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Re: [aroid-l] Selloum/Bipinnatifidum

  • Subject: Re: [aroid-l] Selloum/Bipinnatifidum
  • From: "Eduardo Goncalves" edggon@hotmail.com
  • Date: Mon, 04 Aug 2003 18:24:28 +0000

Dear Derek,

Sorry for the long silence, but I was in a field trip in Amazonia. Well, I havenīt used the smell as a character because I have no way to establish an appropriate nomenclature to describe it, and it is even harder to see in herbarium sheets than thorns in stems. Well, if you use the key I published in the last Aroideana in adult plants, I think it is possible to see what is being sold in USA. I have seen P. bipinnatifidum and P. mello-barretoanum growing in USA, but my sampling is restricted to Botanical Gardens (that potentially can grow old and wild-collected stocks). I have no way to say what species is being widely produced and tissue-cultured in USA, because I am not there. Anyhow, I think that any of you can do it using my key. I can even help, if needed. As an interesting example of how names can be misapplied ad infinitum happened the last time I was in USA. I could see that virtually every material comercially grown in Miami area as Xanthosoma sagittifolium is, in fact, Xanthosoma robustum. Old species are usually the most confused!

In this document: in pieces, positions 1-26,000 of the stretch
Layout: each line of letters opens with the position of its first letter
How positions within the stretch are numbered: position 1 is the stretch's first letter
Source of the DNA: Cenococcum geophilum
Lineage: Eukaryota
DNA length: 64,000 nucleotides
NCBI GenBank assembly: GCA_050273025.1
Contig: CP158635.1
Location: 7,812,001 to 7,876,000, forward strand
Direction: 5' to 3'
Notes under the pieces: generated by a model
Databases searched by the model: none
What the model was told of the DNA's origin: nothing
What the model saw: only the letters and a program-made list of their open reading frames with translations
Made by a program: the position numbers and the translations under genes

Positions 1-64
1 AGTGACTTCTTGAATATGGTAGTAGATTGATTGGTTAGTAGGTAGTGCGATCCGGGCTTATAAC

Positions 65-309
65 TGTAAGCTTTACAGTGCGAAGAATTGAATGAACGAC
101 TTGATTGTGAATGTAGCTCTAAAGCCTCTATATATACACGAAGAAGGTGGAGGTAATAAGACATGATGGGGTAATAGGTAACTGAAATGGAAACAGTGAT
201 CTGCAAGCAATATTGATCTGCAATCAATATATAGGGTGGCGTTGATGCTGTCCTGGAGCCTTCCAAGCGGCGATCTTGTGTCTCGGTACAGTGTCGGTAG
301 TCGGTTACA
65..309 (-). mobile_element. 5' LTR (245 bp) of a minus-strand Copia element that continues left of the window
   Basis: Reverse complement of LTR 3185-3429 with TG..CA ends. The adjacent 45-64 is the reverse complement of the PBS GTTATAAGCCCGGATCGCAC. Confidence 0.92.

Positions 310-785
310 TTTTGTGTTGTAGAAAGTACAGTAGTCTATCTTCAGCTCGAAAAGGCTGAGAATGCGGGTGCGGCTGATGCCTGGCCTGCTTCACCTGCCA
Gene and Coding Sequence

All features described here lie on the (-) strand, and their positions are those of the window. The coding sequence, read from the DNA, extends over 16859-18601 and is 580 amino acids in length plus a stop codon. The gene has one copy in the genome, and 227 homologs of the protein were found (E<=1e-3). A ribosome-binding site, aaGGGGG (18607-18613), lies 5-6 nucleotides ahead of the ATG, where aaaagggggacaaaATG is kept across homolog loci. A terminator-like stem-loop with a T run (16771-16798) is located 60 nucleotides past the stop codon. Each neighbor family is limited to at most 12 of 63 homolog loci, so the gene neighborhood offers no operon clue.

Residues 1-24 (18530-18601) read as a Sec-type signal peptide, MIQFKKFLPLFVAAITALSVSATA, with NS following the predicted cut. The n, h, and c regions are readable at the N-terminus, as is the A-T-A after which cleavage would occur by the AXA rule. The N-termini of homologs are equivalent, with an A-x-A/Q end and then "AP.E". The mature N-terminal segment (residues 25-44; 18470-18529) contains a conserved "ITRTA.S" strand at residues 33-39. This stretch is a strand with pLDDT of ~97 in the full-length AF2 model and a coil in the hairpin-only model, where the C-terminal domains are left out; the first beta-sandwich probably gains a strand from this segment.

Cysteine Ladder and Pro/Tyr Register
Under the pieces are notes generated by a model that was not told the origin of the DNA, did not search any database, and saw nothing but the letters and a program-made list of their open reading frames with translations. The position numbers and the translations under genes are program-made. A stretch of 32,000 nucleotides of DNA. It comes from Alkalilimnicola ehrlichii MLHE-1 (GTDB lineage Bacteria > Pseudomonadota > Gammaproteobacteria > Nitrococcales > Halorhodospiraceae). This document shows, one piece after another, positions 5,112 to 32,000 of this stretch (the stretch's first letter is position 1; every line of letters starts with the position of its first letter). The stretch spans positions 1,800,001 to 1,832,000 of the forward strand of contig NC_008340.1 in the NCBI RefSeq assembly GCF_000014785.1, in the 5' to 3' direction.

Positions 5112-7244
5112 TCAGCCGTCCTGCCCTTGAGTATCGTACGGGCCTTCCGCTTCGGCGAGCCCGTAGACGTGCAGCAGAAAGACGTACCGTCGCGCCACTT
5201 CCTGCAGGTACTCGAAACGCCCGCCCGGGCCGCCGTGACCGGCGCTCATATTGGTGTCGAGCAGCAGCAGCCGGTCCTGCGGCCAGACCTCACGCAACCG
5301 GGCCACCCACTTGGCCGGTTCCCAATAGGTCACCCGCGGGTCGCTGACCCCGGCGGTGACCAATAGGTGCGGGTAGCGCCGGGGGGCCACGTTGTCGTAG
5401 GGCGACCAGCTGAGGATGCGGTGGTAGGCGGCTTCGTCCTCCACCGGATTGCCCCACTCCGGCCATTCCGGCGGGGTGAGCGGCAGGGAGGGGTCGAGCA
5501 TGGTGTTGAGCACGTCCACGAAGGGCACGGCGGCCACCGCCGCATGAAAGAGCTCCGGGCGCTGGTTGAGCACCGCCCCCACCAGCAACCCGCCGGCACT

Very best wishes,


The Editor of 'Aroideana' says "yes, please" to such a paper, both for
that publication, and because it would be great to have it sorted out
once and for all for Florida.  (Is there such a thing as 'once and for
all' in taxonomy?)  Derek

p.s to Eduardo  I would like to repeat my recent question to you
publicly. The @selloum-type@ that we were working around at The Living
Rainforest had a very different smell to its leaves from that to which I
am accustomed in the common Florida plants. Any comments on odor as a
taxonomic character?

MSN Hotmail, o maior webmail do Brasil.  http://www.hotmail.com

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